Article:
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The Chizkuni Bireishis 25:8 says at the end of his comment that Esav also did Teshuva. Is there other sources for this amongst the Rishonim and Chazal?

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  • A quick search on Otzar HaChochmah brought nothing. As I mentioned in the other comment, the editor of the Mossad HaRav Kook Chizkuni isn't aware of a source.
    – robev
    Dec 10, 2020 at 20:10
  • Seems a little odd: look at their father's funeral. Avraham is buried by "Yitzchak and Yishmael" -- i.e. Yishmael has come to accept Yitzchak's primacy. Whereas Yitzchak is buried by "Esav and Yaakov" -- Esav still pushing to the front of the line. (Well maybe he improved after that point ...)
    – Shalom
    Jan 12, 2021 at 9:27
  • From what I have learned, the resting place of Esau's head, after being beheaded, may be relevant to this question, but I could be mistaken as well. Just putting this as a comment because I am unable to give a good sourced answer to the question. May 23, 2022 at 21:43
  • What was Eisav's sin that he needed Teshuvah?
    – Aaron
    May 2, 2023 at 20:01
  • @ShipBuilding into his father's bosom.
    – Rabbi Kaii
    May 2, 2023 at 21:24

3 Answers 3

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When Jacob met Esau he provided him with gifts. According to Abarbanel (Gen. 33: 1-17), these gifts served as Jacob's blessings. Although Jacob took Esau's blessing from Isaac, he was now bestowing his own blessings onto Esau, making them equals. If Jacob felt that Esau was undeserving of the blessing, he would not have given it to him. Also, a Midrash makes use of the story when Isaac and Ishmael bury Abraham. The Midrash says that Ishmael performed teshuvah, repentance. (Gen. Rabbah 30:4, 38:12, BT Bava Batra 16b). We might also apply this reunion of brothers to the Jacob and Esau reconciliation to mean that Esau also did teshuvah as well.

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    Chazal learn from here you should give gifts to your enemies in order for them to like you. Meaning the fact that Esav was nice to Yakov showed nothing of repentance, it was just a natural reaction of receiving gifts/bribes.
    – Shlomy
    Dec 13, 2020 at 5:46
  • @Shlomy Good point. Yet again, Esau was more than an enemy. He was a brother.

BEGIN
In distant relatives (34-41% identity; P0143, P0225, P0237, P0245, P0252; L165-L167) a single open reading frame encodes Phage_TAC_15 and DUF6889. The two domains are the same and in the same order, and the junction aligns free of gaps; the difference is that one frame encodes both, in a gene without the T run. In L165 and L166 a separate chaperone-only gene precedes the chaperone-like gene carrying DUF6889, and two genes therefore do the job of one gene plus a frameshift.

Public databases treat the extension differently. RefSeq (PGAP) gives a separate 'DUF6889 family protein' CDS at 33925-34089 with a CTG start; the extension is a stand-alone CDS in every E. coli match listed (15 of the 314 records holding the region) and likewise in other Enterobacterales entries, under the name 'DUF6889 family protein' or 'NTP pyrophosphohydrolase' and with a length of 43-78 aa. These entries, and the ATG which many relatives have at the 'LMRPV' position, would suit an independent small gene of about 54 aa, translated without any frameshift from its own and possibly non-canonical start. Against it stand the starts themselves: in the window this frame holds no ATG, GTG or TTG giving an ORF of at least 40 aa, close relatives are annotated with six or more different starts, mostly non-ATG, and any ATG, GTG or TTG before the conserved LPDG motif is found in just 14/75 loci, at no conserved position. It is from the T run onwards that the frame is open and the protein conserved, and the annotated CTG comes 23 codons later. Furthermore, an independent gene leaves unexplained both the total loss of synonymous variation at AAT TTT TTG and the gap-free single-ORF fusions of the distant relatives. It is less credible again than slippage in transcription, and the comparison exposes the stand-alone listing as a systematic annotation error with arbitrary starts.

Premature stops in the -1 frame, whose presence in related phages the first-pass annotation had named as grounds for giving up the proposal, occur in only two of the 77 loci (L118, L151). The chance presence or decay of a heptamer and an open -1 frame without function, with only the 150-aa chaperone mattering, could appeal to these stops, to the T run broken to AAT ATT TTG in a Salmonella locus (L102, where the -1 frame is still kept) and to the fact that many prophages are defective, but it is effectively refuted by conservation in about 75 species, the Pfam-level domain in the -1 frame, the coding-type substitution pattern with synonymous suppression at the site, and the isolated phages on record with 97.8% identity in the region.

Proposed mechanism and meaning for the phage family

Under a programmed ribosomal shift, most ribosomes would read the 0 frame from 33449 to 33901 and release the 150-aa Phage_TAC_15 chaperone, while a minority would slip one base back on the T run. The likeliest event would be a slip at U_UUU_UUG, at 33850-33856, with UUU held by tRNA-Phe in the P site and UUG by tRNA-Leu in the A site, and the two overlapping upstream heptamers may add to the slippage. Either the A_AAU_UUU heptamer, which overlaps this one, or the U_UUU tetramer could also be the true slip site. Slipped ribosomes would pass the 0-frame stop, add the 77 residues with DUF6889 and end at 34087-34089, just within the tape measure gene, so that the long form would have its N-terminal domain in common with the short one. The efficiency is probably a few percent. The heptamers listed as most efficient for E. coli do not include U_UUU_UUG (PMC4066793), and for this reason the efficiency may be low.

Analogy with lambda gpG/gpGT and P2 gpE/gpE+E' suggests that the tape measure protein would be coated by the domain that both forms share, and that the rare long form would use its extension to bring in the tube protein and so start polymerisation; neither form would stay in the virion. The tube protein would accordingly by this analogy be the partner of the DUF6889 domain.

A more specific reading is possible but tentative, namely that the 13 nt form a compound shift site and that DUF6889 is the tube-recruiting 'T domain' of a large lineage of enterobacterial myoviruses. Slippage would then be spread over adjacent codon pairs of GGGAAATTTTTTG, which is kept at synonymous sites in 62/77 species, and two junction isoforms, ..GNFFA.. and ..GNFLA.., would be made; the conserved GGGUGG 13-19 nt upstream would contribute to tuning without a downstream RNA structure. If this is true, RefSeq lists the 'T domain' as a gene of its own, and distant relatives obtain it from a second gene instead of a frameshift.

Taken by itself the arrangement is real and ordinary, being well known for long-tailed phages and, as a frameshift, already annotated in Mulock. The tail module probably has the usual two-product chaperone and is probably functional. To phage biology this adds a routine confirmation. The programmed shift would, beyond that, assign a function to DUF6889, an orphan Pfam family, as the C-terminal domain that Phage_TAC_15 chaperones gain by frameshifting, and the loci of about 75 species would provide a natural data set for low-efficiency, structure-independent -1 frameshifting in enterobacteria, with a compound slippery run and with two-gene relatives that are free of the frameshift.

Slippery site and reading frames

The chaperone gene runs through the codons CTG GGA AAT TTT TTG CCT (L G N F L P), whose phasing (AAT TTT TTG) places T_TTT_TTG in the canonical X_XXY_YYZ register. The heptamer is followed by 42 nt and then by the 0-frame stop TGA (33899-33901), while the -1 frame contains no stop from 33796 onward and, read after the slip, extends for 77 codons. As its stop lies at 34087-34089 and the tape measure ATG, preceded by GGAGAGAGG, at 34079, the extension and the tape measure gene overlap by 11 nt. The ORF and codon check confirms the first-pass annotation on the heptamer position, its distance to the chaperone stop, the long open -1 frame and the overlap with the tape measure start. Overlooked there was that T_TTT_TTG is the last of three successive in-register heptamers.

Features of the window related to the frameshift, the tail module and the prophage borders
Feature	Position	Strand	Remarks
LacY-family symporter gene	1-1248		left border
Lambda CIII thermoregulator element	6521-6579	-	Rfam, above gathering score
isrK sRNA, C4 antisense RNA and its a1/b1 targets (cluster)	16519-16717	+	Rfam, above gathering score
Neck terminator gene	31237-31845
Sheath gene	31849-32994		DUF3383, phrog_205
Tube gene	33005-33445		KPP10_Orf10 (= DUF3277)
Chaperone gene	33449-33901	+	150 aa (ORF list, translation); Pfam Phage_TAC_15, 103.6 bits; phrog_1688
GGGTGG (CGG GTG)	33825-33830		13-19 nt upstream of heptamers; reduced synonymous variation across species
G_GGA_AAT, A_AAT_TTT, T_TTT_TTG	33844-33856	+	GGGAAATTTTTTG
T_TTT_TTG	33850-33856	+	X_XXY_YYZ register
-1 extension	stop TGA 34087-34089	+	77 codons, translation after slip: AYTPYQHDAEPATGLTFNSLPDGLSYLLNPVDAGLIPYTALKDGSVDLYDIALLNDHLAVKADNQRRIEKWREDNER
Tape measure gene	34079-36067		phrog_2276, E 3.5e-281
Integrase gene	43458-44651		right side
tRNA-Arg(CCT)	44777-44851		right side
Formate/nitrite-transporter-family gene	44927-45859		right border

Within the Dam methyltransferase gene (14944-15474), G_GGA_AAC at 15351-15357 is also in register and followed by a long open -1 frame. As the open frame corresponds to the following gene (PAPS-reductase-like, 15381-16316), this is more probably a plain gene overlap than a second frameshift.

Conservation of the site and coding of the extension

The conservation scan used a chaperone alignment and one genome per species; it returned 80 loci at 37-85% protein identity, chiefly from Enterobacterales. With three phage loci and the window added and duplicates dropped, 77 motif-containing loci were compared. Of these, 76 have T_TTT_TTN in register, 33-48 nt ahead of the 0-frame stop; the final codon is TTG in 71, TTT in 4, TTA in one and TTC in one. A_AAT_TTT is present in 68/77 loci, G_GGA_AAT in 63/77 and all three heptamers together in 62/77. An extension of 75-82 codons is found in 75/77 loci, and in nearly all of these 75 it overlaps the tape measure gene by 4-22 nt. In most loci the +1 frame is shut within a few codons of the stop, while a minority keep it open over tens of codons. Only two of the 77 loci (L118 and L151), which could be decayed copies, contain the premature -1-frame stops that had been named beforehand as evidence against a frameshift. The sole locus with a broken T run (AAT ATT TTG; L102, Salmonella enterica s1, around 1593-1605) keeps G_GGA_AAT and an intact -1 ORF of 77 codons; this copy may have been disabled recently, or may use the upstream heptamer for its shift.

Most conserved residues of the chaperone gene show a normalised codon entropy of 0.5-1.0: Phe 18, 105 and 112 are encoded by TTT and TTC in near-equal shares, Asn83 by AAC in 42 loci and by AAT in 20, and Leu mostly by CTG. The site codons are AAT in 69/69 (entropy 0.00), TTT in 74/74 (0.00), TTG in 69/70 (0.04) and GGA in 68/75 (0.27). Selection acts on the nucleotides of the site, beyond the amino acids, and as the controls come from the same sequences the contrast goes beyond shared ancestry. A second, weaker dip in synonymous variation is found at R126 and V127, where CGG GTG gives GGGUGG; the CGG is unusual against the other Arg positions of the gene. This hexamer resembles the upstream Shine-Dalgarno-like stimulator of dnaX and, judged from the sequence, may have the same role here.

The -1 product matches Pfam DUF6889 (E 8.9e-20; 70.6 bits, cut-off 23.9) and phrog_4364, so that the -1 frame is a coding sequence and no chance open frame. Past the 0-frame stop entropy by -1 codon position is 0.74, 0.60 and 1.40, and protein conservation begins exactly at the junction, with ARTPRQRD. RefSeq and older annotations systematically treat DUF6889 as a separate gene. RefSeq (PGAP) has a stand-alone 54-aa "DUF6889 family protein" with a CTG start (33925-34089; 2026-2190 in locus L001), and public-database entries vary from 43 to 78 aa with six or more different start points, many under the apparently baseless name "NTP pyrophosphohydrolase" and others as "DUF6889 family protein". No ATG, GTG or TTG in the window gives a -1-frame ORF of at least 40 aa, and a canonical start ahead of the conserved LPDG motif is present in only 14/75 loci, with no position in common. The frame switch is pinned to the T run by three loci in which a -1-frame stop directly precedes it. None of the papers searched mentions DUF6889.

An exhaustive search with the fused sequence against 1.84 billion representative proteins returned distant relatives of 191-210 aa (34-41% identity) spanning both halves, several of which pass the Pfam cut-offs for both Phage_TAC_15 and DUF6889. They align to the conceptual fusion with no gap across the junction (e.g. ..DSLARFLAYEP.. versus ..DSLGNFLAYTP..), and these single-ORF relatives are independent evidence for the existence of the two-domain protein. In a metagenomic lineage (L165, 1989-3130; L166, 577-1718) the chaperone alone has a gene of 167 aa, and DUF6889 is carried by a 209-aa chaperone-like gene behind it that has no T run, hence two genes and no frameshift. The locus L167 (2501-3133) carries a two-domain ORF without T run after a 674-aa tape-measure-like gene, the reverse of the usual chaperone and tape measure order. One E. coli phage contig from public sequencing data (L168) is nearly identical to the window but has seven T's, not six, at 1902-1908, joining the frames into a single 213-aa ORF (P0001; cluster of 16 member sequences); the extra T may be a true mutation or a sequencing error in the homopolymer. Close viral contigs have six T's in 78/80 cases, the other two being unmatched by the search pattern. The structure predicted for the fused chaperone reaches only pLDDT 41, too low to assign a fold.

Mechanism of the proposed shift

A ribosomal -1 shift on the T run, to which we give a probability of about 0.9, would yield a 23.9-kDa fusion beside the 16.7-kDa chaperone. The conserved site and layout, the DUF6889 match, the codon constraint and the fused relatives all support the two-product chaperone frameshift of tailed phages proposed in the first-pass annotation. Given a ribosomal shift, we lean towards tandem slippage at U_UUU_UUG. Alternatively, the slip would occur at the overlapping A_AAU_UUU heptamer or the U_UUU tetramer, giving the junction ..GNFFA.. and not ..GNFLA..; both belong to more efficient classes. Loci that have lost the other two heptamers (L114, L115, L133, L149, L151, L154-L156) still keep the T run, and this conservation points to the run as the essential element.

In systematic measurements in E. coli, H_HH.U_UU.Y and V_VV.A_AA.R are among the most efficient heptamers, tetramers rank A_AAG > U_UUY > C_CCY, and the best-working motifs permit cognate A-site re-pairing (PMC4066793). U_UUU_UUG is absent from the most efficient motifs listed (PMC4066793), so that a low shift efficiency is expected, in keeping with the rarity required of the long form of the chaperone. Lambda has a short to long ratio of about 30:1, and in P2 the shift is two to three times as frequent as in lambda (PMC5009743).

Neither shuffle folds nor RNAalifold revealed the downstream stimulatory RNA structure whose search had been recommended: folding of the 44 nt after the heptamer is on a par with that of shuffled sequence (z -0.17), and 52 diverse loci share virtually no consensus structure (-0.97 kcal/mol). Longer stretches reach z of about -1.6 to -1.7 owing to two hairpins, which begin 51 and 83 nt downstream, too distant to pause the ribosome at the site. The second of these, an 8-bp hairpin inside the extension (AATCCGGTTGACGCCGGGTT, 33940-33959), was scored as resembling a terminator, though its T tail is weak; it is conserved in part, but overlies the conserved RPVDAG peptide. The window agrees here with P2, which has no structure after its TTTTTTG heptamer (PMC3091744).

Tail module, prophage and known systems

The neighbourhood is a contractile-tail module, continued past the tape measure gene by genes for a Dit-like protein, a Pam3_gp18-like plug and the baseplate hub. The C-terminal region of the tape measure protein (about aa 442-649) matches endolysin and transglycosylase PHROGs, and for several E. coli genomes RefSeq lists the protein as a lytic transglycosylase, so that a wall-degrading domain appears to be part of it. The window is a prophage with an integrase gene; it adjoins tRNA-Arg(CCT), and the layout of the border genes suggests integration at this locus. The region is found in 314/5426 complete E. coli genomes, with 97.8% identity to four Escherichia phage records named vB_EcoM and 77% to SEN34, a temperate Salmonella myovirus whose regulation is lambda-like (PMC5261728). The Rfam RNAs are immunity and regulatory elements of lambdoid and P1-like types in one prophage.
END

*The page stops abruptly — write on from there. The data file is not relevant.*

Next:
– Turk Hill
    Dec 13, 2020 at 19:06
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the medrash says when esav married machlass all his sins were forgiven (hence the name mucholl/muchloss)………….said the chebinner rav there is no mechilla without teshuva so he must of done teshuva at that point

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I think the Medrash in Beraishis Rabah Chapter 67 [end - 13] does say that he considered to maybe do teshuvah. But I don't think it says that he actually did.

Even if he did, he might of afterwards returned to his evil ways.

Also, there are many different levels of teshuvah. Just like there are many different levels of tzadikim and reshaim. The Medrash is pretty clear that he did not do any major teshuvah, since he kept his other bad wives. Unless you say that that part of the Medrash is arguing on the first part.

The Kook edition of Chizkuni leaves out the part of Eisav doing teshuva.

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    I know it's not the majority opinion. The Chizkuni is a big chiddush. I was asking if there's other sources besides the chizkuni that point to this chiddush.
    – Shlomy
    Dec 10, 2020 at 3:16
  • "The Kook edition of Chizkuni leaves out the part of Eisav doing Teshuva" more accurately it says that some versions have it but the editor isn't aware of a source, especially in light of Bava Basra 16b
    – robev
    Dec 10, 2020 at 20:07
  • @robev see paneach Raza in vayishlach for dichui of gemara baba basra that esav is a rasha.. perhaps
    – Shlomy
    Dec 10, 2020 at 20:15
  • More accurately, it leaves out the part of Eisav doing Teshuva IN THE ACTUAL TEXT. And in the notes on the bottom it says that some versions have it but the editor isn't aware of a source, especially in light of Bava Basra 16b Dec 10, 2020 at 21:08
  • It is worth pointing out that the Kook edition of Chizkuni was based on the actual manuscript written by the Chizkuni himself, so it is way more authoritative than other editions. It seems a little suspicious that Yishmael is presented in a question and answer form, but Esav is just shoehorned in there with no explanation. That implies to me that this is a case of the classic marginal note being later incorporated into the text by a careless copyist.
    – N.T.
    May 12, 2021 at 9:39

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